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Thursday, September 5, 2013


We've come to the end of Pelagic Week #3 (hope you enjoyed it), and it's time for an octopus update!

Some of you will remember that we're documenting the development of some Red Octopus eggs in the lab (see post from 20 August 2013).  Here's a reminder of what they looked like on Day 36:

I took a few more pictures this week, and they've changed quite a bit.  Below is a new picture from Day 52.  At this time we think they're about halfway through their development (until hatching).  Compare the two pictures (above and below) to look for differences!

Here are a few changes we noticed:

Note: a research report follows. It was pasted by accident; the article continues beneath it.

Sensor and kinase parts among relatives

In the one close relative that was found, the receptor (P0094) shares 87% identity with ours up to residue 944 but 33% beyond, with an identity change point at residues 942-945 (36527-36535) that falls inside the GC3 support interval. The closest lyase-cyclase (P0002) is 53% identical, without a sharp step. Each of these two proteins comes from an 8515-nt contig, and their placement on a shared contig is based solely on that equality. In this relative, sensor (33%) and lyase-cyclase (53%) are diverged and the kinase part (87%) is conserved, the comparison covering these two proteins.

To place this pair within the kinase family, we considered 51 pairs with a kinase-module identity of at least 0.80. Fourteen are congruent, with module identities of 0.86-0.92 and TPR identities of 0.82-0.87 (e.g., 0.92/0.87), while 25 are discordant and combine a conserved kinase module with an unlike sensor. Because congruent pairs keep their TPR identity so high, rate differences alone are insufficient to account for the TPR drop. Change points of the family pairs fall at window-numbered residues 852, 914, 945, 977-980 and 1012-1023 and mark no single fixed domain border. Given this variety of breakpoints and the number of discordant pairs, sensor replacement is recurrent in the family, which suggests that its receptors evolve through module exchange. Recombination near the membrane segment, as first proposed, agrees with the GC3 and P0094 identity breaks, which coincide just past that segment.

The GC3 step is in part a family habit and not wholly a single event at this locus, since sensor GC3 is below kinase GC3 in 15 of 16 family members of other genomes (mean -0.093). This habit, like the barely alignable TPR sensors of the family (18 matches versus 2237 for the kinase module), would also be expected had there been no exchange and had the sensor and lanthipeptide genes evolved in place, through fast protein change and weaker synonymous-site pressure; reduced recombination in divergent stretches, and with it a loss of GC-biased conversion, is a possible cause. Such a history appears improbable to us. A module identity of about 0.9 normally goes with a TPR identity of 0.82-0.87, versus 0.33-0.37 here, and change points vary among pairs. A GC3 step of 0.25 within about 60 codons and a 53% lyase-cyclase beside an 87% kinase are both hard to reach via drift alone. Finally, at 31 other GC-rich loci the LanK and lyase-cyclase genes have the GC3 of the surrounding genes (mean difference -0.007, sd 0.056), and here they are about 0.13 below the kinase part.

• The eyes are now deep red rather than orange.
  • The yolk is much smaller.
  • The tentacles are much longer and suckers are now visible.
  • They have chromatophores!
  • The mantle, opposite the yolk, is much more developed.

To help visualize all of this, I've labeled these structures below.  This photo was taken on Day 55.

And because these little octopus embryos are so amazing, and I'm intrigued by the development and pattern of the chromatophores, I'm including one more close-up:

To review what chromatophores are and how they work, refer to the "Living paint" post on 2 February 2013.  

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